When was the last time you read your engagement letter line by line, from beginning to end? No, really, when did you do this last? Do you recall the last time you updated your engagement letter? You can answer honestly, because you’re probably reading this in the comfort of your office. Maybe updating your engagement agreement has been at the top of your to-do list for a while. Well, now is as good a time as any. My general advice to clients and friends is to read your template engagement letter from beginning to end, line by line, at least…
It was 2018, and one of Asher Waite-Jones’ clients was making minimum wage working part-time in a warehouse when he was assessed about $2000 in fines and fees for a DUI conviction. To pay those, the client, a young man in his 20s, dropped out of school so he could pick up additional work hours. But not long afterward, he was laid off. The client spent a couple of years looking for other work, but his criminal record made it hard to find steady employment. And when the COVID-19 pandemic hit, his options narrowed even more. When Congress passed the…
With over 200 languages and dialects spoken in California, court interpreters are essential to breaking down the language barriers that inhibit many Californians from accessing our courts. According to the statewide Language Access Plan Report adopted by the Judicial Council of California in 2015, approximately 40% of Californians speak a language that isn’t English at home, and approximately 20% have English language limitations. Given this significant need, the high demand for court interpreters in California family law departments comes as no surprise. But requesting and working with court interpreters in family law proceedings can be tricky, especially if you’re not…
In 2020, the California courts of appeal published several cases with useful guidance for litigators claiming or opposing statutory attorney’s fees. In Department of Fair Employment & Hous. v. Cathy’s Creations, Inc. (2020) 54 Cal.App.5th 404, the California Department of Fair Employment and Housing (DFEH) sued a bakery that denied services to a same-sex couple, but lost its suit for injunctive relief. The court held that the prevailing defendant was not entitled to attorney’s fees under Code of Civil Procedure section 1021.5 because Government Code section 12974, a unilateral fee-shifting statute that provides fees to DFEH only, is the later…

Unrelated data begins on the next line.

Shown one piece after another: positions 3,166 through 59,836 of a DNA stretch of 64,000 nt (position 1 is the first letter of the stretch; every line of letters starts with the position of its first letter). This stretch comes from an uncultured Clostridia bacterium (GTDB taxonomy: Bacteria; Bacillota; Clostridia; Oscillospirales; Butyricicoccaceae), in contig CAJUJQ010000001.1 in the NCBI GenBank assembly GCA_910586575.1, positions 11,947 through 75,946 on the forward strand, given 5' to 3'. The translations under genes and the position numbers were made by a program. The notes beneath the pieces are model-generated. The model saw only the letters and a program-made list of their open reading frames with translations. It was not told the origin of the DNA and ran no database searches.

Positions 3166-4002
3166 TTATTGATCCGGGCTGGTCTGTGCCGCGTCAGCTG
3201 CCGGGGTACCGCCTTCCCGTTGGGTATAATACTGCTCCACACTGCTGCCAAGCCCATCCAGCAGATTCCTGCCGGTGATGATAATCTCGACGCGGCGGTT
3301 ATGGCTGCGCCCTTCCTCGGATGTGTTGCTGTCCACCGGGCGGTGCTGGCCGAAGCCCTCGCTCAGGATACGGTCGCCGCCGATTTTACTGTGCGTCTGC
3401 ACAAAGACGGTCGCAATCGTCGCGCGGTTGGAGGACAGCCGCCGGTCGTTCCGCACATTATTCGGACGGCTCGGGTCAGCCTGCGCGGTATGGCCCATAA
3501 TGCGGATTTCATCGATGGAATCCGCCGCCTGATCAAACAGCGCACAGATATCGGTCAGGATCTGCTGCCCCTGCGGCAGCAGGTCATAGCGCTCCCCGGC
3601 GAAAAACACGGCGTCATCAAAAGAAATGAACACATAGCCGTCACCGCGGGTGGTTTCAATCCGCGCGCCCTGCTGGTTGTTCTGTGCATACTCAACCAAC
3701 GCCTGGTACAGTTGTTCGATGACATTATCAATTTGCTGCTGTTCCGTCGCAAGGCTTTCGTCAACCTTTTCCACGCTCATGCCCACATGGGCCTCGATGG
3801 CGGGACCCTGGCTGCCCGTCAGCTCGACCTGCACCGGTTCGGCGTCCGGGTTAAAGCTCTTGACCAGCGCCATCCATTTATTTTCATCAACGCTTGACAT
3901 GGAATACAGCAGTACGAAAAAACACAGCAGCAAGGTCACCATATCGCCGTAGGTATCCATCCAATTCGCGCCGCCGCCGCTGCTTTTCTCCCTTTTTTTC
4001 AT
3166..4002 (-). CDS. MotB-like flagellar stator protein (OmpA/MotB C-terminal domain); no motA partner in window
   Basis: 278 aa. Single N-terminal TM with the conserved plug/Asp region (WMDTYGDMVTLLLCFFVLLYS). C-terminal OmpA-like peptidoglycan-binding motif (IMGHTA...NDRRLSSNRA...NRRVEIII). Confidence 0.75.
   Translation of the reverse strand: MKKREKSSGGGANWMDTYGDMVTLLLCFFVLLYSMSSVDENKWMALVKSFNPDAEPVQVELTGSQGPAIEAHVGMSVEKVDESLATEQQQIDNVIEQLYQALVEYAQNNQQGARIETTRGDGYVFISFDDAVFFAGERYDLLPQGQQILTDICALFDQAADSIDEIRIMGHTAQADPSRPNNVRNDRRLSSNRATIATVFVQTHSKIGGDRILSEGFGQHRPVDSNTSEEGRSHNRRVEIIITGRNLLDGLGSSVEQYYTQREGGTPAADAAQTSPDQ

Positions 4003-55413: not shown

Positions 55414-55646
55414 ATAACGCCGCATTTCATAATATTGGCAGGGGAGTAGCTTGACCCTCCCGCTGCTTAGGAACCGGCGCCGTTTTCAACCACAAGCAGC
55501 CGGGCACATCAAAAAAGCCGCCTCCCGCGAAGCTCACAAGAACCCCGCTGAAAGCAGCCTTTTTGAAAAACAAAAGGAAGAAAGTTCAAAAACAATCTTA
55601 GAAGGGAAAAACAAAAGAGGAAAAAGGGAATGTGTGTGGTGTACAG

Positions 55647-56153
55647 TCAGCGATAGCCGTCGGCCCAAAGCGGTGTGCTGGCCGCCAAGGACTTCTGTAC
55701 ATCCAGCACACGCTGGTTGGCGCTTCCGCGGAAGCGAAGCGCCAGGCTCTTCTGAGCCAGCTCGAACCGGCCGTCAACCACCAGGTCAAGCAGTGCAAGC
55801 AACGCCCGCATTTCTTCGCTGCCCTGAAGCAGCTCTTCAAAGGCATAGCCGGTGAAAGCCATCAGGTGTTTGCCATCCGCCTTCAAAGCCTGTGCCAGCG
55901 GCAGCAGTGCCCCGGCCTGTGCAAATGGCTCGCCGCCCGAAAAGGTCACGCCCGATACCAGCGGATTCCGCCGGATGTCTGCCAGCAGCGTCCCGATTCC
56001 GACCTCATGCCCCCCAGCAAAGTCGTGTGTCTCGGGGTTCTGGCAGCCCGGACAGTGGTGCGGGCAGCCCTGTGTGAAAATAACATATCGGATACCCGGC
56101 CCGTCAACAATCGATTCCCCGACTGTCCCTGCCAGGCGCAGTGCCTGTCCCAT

Seyfarth Synopsis: Headlining the number of employment-related bills California legislators introduced by the February 19th deadline are those that would extend COVID-19 Supplemental Paid Sick Leave and provide other leaves and accommodations. After last year’s pandemic-caused truncation of the 2020 legislative session—in which the governor signed only 372 new laws, the fewest since 1967—many expected the introduction of a large number of bills. Yet “only” 1,560 bills were introduced in the Assembly this year, the lowest number in six years—though there is no shortage of labor and employment-related bills. Below, we summarize the most significant labor and employment bills introduced,…